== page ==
North Korea’s growing stockpile of ballistic missiles are the most feared arms in the regime’s secretive arsenal of weapons.
It remains to be seen if the hermit state can achieve its quest to develop a nuclear warhead capable of hitting enemies halfway around the world.
But the North has powerful weapons which can be fired from within its borders and still cause mass casualties and widespread damage to targets closer to home.
Those arms include the combat-tested yet antiquated Koksan ‘super big gun’ capable of hitting Seoul with devastating force.
The 170-millimetre self-propelled gun can hit targets as far as 37 miles away, putting the South Korean capital within range as tensions continue to rise on the peninsula.
The Koksan is a throwback to long-range guns from the first half of the 20th century, but many were phased out by countries including the US as weapons evolved from the 1950s.
Yet North Korea has stuck with its ‘big gun’, with its origin and real name still a mystery.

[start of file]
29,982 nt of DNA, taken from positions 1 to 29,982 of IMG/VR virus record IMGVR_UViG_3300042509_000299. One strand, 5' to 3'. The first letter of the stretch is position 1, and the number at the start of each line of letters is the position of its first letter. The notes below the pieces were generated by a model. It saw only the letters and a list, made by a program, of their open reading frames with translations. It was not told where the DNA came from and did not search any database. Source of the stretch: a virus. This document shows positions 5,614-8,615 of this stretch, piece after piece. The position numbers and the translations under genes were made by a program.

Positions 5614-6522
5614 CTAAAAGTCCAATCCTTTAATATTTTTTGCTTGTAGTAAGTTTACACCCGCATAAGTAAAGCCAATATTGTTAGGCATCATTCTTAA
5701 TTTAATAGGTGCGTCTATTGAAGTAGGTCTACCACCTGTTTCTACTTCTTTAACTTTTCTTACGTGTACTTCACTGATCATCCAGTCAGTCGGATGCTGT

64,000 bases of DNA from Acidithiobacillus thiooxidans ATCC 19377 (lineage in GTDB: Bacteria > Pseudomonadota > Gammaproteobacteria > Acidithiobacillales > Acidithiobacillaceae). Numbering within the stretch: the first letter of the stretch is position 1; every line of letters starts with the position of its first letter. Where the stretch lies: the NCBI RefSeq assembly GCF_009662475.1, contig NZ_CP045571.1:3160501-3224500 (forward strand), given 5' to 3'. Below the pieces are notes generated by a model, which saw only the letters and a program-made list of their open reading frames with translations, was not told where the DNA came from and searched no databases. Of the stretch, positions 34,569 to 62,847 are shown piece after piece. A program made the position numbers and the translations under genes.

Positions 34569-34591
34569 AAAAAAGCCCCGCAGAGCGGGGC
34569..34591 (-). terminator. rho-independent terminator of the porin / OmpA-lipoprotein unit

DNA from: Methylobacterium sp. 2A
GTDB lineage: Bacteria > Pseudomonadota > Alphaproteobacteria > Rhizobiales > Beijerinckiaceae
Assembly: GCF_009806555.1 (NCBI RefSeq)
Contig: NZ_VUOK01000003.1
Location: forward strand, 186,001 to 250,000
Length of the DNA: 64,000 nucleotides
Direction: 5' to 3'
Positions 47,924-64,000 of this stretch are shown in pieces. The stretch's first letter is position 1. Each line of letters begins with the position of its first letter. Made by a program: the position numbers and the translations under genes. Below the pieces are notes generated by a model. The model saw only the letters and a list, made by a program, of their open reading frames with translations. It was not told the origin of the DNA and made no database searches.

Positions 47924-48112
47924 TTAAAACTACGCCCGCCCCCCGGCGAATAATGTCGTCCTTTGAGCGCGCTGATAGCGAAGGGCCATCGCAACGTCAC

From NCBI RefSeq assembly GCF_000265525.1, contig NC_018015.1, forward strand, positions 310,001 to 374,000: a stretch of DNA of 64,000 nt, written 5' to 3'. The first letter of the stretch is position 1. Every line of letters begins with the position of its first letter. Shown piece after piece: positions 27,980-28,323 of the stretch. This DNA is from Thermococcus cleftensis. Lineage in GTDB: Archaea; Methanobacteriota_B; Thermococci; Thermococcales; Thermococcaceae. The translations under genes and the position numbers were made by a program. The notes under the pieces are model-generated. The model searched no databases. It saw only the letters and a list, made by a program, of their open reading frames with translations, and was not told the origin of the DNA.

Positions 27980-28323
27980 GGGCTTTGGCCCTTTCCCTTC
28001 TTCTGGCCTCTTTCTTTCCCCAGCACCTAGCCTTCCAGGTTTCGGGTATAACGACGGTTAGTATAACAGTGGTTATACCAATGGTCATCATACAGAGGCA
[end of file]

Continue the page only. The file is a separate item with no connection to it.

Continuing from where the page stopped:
It was given the designation M1978 Koksan based on the county where it was first spotted by Western intelligence in 1978, The National Interest reported.
The gun is mounted on a Chinese Type 59 tank, and it may be derived from Japanese weapons or German artillery pieces used during the Second World War.
The gun has been used in battles before.
Pyongyang sold several Koksan guns to Iran during the Iran-Iraq War, and they are still seen in military parades in Tehran today, The National Interest reported.
A North Korean diplomat said this week that possessing nuclear weapons was a matter of life and death for the country.
He also said that Pyongyang does not plan to hold any talks with the US about its nuclear programme.